Lady Grace R. Osler to Wilburt C. Davison


Jan 16th, 1918
Dear Mr. Jonah
Sir William wrote you a day or two ago about Bob Emmons. I do not know quite what he said but I think I must add a plea and see if you can't help the poor chap. He is suffering from many causes - besides varicose veins, he is suffering mostly from American parents who have lived

always from[strikethrough] over here since their marriage and still retain their American citizenship. A grandfather as well, who holds the family purse strings. I think that this more than any thing else has been the misfortune for Bob since war came. He joined the Ambulance Corps as you know and since that has been taken over by the U.S. he has done this Franco-American soup feeding hut business - I do

not know what it is called - but I do know that a good brain is being wasted and Bob should be at a microscope if he can't use his legs. His sister is staying here and tells me is not far from Verdun[?] and if you are near no.18. You must be in the same neighborhood - I feel sure you could suggest something to him. He needs a good strong

Americo-Oxonian like yourself to help him. He is naturally very reserved and retiring and will not let people know how miserable he is. I know, and would so like to get him on a good job, where he could be of use - and be doing something that may keep him in the future - for all this time in his medical work is being lost. So many men are coming back this term to work (medical) - I wish you were - Robert Johnson from the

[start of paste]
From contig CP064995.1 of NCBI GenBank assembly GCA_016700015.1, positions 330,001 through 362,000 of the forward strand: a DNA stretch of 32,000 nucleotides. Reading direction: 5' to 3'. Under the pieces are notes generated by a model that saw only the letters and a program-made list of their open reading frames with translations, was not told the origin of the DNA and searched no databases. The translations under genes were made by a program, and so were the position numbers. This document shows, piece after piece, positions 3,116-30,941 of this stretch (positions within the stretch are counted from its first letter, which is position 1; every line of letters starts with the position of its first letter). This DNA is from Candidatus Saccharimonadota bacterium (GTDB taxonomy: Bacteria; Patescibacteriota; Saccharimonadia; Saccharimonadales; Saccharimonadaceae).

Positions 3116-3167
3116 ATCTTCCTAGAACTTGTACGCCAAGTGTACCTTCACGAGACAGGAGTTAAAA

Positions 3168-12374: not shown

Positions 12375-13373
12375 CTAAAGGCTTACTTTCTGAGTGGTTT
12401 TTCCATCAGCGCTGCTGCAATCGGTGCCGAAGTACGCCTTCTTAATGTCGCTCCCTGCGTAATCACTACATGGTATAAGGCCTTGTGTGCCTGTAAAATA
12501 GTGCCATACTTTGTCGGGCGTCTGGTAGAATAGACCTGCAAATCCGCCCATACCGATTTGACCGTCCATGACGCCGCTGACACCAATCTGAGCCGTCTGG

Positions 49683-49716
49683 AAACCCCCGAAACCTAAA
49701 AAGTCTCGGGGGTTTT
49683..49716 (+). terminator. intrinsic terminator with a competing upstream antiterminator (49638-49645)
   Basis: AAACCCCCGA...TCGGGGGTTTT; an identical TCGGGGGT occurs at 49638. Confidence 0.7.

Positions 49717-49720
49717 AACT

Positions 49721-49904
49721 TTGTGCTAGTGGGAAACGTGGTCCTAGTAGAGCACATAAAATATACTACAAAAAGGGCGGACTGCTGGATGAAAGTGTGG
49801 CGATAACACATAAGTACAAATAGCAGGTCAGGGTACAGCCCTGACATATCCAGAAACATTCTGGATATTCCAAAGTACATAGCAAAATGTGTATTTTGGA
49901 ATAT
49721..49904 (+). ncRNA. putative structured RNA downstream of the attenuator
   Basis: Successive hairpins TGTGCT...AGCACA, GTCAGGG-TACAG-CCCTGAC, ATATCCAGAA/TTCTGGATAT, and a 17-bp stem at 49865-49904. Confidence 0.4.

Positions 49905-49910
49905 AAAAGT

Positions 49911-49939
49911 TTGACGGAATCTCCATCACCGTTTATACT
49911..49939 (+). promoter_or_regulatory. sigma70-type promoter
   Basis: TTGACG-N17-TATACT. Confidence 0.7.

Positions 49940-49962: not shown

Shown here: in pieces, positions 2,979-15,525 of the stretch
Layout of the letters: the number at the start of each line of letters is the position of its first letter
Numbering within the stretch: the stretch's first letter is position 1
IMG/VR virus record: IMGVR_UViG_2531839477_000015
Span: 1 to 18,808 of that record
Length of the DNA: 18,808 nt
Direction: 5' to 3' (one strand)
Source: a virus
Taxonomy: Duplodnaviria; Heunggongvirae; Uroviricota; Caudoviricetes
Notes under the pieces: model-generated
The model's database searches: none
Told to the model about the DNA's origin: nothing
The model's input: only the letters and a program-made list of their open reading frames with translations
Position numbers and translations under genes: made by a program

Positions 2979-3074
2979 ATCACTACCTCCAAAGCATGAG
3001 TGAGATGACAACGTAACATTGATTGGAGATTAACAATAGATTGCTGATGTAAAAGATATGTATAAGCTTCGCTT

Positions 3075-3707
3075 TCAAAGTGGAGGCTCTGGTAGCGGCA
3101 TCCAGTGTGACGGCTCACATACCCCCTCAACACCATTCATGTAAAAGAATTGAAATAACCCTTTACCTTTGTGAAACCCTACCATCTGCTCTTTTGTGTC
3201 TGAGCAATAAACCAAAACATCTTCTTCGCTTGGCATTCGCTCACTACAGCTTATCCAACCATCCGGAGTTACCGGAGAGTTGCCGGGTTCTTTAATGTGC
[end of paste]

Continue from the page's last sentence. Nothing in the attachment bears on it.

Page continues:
Hopkins is working at the Base - on the orthopaedic staff. He was married just before he left and his wife is working hard at the plaster cast cases. I suppose you have heard that Dr. Janeway has died of pneumonia. It is very sad and a most serious loss. Dr. Futcher (Lt Colonel) is at the Orpington, Canadian Hospital until March. Sir William goes every Monday as usual to Taplow. I do not know if you were really, Jonah - or that idiot Peasley. It cost £100 to repair the car after he was called

up - and since Bennings return no disasters - But I fancy soon we must give it up - petrol is so scarce. Sir William really needs it however - I am watching him very carefully. Since Revere's death he has grown very thin and his heart is simply broken - Oh - it is so hard to be cheerful and bare the disappointment and grief with a cheerful smile.
I do hope this will not batter you about Bob but I know you won't mind trying to help the poor fellow. My love to your wife -
G. R. Osler

Item Description

  • January 16, 1918 letter from Lady Grace Osler to Wilburt Davison with general updates
Date created
  • osler49a-b-c50a-b-c
Resource type
Archival collection
  • Wilburt Cornell Davison Papers, 1881-1972 (MC.0010)
In Collection:

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